They made the vosk from canine stock. There were no wolves alive when they did this, and they had to use the domestic dog, instead. Vosk are dogs. Their instincts and their thoughts are simple. Obey, run with the pack, eat, mate, fight. People say that they're not self-aware, and most vosk don't seem capable of carrying the debate in conversation, but they can speak, and feel, and act to preserve their own lives, at any rate.
They are not a free race. The kenaki don't consider their work with the vosk complete. They would rather the dog-people be more intelligent, and are currently breeding for that. In the meantime, the vosk are totally enslaved, and considered property.
Vosk are the common fodder of the gladiatorial arena. People don't expect much from them, save numbers, so vosk are rarely the main attraction, and rarely live long.
Vosk don't live very long, regardless, only about forty years. Female vosk give birth to litters of three to five children. Male vosk don't always take an active roll in raising them.
The Emikalens employ vosk as guards and grunt law-enforcement, but never in leadership positions. Vedrig hate vosk, which confuses the vosk. Vedrig smell like vosk, to them, and react in much the same way.
They lack manes, and cannot breed with vedrig. They resemble roughly bipedal dogs, and the differences between vosk and vedrig are quite readily apparent.

Thu, Jan. 5th, 2006, 05:59 pm
barrowhound: (no subject)



Tenebre-Bok, Carosen and Khibakrhi.

Thu, Jan. 5th, 2006, 05:54 pm
barrowhound: On Tenebre-Bok

The tenebre-bok love the carosen. Protecting them is their life and their highest calling. They do not talk often, but they aren't stupid. They are, in fact, quite eloquent, if one can persuade them to speak, or, as proves easier, write.
Shetthis Nor wrote, "We know the kenaki made us this way. The khibakrhi are lying, cheating, cruel beasts, but the kenaki made them that way. We know the kenaki made the carosen to hide the cruelty, but the carosen are innocent of that. We and them, we are kindred, souls trapped in bondage on this dying earth, and by whatever gods hear our words, we will let nothing happen to our charges. This world would crush them if we weren't here. They don't even realize the world is as horrible as it is, and if all we can do is to help maintain that illusion, then we will."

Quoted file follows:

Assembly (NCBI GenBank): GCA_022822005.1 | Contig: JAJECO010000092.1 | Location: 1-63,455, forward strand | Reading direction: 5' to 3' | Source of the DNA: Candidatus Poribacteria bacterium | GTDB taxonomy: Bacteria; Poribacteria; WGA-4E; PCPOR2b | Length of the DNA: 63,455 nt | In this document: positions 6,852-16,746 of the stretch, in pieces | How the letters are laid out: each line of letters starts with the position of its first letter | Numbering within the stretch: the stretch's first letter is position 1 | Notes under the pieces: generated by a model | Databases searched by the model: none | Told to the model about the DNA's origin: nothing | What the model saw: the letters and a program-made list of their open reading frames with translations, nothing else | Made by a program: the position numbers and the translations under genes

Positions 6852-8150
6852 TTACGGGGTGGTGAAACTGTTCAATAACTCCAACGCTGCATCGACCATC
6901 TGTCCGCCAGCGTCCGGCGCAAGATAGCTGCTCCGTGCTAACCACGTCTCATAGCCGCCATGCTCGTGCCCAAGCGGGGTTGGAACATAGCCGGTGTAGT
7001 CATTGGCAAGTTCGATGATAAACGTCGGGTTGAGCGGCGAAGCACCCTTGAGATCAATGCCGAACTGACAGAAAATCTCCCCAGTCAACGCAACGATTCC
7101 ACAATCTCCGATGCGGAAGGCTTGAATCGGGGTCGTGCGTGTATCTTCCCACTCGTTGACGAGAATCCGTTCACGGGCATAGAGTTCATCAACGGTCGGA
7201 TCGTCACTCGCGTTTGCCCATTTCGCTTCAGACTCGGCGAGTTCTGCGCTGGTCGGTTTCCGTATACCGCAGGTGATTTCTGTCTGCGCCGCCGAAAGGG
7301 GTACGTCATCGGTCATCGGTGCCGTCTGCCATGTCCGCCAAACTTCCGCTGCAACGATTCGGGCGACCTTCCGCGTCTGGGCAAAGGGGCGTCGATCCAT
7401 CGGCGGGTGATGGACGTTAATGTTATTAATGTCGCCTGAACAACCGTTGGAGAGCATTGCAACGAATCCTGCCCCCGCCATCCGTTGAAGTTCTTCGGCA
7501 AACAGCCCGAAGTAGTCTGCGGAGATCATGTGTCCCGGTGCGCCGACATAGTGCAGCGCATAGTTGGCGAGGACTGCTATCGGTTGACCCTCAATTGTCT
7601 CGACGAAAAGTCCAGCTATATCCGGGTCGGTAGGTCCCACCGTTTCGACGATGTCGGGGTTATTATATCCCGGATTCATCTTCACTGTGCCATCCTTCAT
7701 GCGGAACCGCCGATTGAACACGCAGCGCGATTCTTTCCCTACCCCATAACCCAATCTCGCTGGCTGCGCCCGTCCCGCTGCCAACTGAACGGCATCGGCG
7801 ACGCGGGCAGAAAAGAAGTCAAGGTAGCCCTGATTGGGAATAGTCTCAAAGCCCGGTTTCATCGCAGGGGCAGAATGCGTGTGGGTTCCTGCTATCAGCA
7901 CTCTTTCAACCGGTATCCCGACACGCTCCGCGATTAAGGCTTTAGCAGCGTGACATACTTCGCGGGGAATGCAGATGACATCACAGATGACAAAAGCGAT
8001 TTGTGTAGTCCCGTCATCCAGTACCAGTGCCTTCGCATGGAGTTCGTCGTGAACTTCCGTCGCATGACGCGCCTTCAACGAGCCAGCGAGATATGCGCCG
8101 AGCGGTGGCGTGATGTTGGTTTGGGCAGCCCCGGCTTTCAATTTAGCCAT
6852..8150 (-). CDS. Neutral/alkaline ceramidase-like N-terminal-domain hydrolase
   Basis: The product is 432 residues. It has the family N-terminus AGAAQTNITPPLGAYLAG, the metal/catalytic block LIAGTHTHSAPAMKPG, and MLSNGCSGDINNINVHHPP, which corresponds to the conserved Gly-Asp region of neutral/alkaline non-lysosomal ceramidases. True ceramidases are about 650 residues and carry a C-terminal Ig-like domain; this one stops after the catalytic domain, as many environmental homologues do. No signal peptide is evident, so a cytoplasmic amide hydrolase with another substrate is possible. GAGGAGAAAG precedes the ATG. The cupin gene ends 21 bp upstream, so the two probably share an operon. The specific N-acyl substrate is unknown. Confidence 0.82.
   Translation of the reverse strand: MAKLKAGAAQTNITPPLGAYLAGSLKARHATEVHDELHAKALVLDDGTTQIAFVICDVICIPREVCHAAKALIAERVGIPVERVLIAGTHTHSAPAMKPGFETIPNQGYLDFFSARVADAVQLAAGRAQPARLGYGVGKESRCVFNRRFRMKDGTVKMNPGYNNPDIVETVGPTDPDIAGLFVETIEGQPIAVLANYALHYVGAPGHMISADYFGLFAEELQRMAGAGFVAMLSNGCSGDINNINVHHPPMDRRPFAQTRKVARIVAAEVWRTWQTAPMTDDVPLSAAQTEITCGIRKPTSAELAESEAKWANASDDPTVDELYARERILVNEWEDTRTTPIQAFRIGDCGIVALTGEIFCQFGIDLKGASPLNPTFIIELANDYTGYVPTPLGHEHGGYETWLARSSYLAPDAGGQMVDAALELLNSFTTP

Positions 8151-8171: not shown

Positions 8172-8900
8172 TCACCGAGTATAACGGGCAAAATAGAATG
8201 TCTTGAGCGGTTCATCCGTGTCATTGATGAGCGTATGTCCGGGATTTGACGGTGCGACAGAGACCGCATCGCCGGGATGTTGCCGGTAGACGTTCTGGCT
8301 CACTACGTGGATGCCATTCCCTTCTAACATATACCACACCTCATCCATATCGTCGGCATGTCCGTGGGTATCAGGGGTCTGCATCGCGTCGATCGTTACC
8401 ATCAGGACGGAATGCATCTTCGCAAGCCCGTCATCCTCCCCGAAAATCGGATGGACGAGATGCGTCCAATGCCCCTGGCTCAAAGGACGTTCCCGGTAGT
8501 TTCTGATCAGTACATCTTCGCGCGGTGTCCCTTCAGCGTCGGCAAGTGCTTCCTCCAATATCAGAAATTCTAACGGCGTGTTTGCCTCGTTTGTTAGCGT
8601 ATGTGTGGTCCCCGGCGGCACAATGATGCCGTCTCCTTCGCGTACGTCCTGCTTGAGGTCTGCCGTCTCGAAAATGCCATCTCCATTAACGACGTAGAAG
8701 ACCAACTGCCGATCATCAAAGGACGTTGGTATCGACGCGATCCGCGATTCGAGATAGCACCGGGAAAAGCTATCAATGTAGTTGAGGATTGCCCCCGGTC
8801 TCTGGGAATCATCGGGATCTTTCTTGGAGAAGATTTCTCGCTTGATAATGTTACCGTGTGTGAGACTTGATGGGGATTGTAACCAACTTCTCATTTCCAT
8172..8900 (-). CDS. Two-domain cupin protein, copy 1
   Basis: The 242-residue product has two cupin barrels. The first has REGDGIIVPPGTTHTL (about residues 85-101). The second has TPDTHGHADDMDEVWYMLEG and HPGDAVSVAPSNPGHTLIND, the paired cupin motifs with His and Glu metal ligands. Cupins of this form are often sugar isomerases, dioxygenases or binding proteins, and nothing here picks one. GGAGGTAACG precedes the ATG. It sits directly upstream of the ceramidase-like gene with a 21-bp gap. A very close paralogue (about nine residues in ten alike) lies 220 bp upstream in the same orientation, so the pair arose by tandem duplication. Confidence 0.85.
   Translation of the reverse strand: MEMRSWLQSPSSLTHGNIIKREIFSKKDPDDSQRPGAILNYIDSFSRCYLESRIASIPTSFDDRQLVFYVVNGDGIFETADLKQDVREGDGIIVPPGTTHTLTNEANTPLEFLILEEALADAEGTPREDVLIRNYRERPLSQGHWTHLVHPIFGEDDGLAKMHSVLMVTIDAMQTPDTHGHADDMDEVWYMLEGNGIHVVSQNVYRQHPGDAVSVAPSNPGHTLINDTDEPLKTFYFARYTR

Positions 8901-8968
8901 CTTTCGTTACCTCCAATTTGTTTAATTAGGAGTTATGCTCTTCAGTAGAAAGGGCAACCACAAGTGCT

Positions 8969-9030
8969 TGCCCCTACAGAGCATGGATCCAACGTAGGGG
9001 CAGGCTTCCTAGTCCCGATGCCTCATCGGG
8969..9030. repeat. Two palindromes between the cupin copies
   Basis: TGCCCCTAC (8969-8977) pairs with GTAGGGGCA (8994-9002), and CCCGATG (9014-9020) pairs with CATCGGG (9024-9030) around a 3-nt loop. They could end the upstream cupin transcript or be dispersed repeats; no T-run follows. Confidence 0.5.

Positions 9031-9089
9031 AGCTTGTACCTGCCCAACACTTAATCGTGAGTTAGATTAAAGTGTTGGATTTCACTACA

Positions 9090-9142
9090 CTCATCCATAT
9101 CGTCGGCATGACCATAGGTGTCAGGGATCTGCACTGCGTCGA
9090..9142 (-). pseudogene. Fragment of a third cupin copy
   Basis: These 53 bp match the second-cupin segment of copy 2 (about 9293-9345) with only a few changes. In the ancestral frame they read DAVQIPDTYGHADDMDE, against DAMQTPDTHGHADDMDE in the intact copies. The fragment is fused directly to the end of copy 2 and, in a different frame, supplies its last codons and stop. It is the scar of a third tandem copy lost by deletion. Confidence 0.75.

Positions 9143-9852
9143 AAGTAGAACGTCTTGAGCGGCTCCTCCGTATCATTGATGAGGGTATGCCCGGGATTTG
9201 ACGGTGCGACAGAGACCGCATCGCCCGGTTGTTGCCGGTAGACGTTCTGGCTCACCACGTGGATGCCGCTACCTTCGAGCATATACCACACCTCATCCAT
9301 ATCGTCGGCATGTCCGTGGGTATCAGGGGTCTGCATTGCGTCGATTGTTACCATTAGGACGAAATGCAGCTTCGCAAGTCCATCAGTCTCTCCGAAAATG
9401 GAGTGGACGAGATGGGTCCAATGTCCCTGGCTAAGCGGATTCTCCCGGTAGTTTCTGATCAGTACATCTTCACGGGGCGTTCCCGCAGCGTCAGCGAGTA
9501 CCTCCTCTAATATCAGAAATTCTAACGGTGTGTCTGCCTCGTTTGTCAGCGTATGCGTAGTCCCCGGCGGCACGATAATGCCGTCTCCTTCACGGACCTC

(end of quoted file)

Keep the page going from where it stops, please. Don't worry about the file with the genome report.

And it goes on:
Carosen mean more to them than even their own children. Tenebre-boks are asexual, and, once reaching the age of four, lay several eggs every year. They give the eggs to the carosen to raise. A tenebre-bok is given a carosen to protect from the moment of birth onward.
With luck, a tenebre-bok will not ever lose its charge. The kenaki made them to only live as long as the carosen they've bonded with. This is a biological self-destruction, triggered by the grief of the loss, and it's possible to override it with drugs or magic, but most tenebre-bok choose to pass on such treatment.
They are not free-willed creatures, but in their artificially imposed purpose, they seem to find a sort of freedom. Many tenebre-bok endeavor to consciously extend their protectiveness and fairness to all, regardless of their imperative to only protect carosen. Some tenebre-bok take it upon themselves to create all manner of beautiful art, to entertain their charges, and perhaps to foster some hope in the others. Some tenebre-bok go mad.